With increasing intensity, design and product teams are mulling over the what’s and the how’s of design systems. At Figma, we’re passionate about empowering the builders and maintainers of those systems. We’ve logged countless hours studying how design systems affect a company’s workflow while listening to users’ war stories. Next, we knuckled down.
Launching Team Library was our first major hurdle; we needed to ensure components could be easily shared between files and teams. Then, yesterday, we launched DesignSystems.com, a learning resource for the design community to discuss design systems.
But you know us, we’re nowhere near finished. We realized teams building and maintaining design systems must control their projects’ privacy and accessibility. Those designers tasked with building the design system often want to privately test them before deploying to the entire team. After the design system is created, the maintainers may need to protect their work from accidental edits by those following the design system’s guidelines.
To address those points, we’re very excited to announce Advanced Project Permissions. This crucial functionality enables two new permission options for paying teams: view-only and invite-only. We believe this is an essential step to more easily architecting robust design systems.
So, what will this new functionality look like in practice? First, you’ll need to subscribe as an editor within a Professional Team at Figma. Then, when creating a new project, you’ll see a drop down menu granting you three options: “Everyone at [team name] can edit,” “Everyone at [team name] can view” and “Invite-only — let me choose who has access.”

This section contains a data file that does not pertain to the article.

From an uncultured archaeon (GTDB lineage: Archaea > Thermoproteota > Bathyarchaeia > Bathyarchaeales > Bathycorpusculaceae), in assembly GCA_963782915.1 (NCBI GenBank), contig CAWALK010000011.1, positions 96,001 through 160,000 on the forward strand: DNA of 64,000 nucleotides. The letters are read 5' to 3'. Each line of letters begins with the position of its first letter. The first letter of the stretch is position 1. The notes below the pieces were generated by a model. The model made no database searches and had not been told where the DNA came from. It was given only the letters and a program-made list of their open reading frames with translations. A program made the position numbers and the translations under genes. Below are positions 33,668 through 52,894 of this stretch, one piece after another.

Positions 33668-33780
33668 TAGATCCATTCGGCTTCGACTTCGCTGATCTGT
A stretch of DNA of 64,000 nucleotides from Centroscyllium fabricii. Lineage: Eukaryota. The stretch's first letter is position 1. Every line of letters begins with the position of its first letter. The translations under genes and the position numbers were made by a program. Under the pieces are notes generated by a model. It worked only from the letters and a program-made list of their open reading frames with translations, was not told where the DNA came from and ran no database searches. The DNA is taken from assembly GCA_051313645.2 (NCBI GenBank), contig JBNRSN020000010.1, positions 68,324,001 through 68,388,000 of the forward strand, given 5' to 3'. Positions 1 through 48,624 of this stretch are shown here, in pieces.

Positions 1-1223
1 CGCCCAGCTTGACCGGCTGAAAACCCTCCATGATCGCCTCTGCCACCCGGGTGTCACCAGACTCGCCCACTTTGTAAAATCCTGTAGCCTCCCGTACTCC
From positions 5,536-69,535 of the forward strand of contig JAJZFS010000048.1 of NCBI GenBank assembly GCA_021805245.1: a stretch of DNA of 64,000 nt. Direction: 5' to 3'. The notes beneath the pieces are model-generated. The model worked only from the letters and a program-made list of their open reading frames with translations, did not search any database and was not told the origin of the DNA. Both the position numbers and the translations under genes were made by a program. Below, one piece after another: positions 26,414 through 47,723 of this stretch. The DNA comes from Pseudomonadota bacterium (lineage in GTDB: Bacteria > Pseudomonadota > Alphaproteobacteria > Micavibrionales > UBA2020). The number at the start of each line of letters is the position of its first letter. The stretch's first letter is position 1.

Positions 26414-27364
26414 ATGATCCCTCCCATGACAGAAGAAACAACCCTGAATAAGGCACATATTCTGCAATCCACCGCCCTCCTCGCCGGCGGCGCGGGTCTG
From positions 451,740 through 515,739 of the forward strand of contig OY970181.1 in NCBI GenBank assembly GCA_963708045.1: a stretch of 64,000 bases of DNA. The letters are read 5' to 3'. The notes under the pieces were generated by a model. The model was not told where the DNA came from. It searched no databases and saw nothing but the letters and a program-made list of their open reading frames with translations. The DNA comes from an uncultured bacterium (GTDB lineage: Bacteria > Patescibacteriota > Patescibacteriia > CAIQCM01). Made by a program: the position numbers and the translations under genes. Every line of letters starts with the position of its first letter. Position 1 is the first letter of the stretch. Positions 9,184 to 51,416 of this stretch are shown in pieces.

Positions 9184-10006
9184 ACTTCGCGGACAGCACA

If you’d like to switch your team’s default access from an existing project, simply click on the Share button and toggle between permissions.
Before today, editors on Figma teams could view and edit all projects. Now Private Project Permissions will act as a buffer between the design system “maintainers” and “viewers,” preventing well-intentioned team members with “viewing” access from accidentally making changes to the “maintainer’s” meticulous work.
When we tried this out at Figma, we found it helped our workflow tremendously. However, depending on the ratio of “maintainers” to “viewers,” this could mean individuals on larger teams might have fewer opportunities to make changes. We’re constantly looking to improve workflows around design systems. As part of that, we’re also exploring concepts like pull requests. Similar to how an engineer can ask a code owner to make a change, we’re trying to figure out ways to facilitate dialogue between design system maintainers and individual designers who have suggestions around ways to improve the overall system.
If you have ideas for how we can continue to improve design system workflows in Figma, please reach out to us via Twitter / Spectrum or leave a comment! We believe design systems represent the future of our industry, and we would love your help on making Figma the best tool for the job.